Intel: Why I Remain Invested

Sep. 30, 2022 12:13 PM ETIntel Corporation (INTC)AMD, BAM, BAM.A:CA, TSM145 Comments


  • Launching on October 20th, Intel's 13th-gen "Raptor Lake" CPU line-up enhances the company's competitiveness in the market.
  • Intel's enhanced competitive position in cloud computing increases the likelihood of raising its average selling prices without significant share loss.
  • The recent $30 billion joint investment partnership supports the company's "smart capital" strategy.
  • While I don't expect any big jump for INTC in the near term, the current environment offers an excellent opportunity for patient long-term investors to accumulate shares.

CPU and Computer chip concept


Investment Thesis

It is hard to stomach a value investment such as Intel (NASDAQ:INTC) that keeps falling to all-time lows; the big question is, where does it end? The company's stock has crashed, underperforming by far the NDAQ and SOXX index, and most investors are still waiting for a few catalysts in the next 1-2 years before they buy the stock. Nobody knows when it will turn around. In today's analysis, I explain why I remain invested with INTC, utilizing the bear market to maximize my long-term returns.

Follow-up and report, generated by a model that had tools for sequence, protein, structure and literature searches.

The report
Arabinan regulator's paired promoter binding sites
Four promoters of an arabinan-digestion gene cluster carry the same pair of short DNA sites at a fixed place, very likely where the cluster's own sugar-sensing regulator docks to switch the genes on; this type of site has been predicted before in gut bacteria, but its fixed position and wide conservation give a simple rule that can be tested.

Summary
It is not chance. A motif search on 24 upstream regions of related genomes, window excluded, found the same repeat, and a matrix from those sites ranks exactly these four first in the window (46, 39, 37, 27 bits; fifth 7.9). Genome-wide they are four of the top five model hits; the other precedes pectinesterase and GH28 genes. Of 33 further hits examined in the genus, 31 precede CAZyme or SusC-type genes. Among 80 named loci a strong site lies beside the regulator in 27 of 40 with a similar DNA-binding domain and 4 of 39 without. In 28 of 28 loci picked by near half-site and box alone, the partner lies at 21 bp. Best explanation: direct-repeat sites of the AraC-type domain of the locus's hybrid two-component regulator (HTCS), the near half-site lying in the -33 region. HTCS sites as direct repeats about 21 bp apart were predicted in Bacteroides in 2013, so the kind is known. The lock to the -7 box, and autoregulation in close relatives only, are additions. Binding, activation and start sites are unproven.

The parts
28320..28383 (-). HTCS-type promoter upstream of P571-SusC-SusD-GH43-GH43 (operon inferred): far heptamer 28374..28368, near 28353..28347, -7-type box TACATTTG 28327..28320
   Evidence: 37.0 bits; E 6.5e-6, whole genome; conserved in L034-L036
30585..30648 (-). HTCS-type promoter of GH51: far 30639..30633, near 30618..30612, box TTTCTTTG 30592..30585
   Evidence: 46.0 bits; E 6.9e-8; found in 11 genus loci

Undoubtedly, Advanced Micro Devices, Inc. (AMD) has taken significant market share from Intel, and AMD's momentum will likely persist in the foreseeable future. However, on a longer-term horizon, Intel's foundry business and turnaround efforts will prove fruitful. As a result, patient investors can now scoop up Intel shares at bargain prices close to book value, with a wide margin of safety to minimize risk.

Data by YCharts

Semiconductor Market Outlook

The semiconductor industry is currently dealing with several concurrent global economic shocks and a decrease in market demand as we approach the year's end. Moreover, unit shipments are currently around 20% over their long-term average, and once lead times start to shrink, and excess inventory is cleared, a downward correction is unavoidable.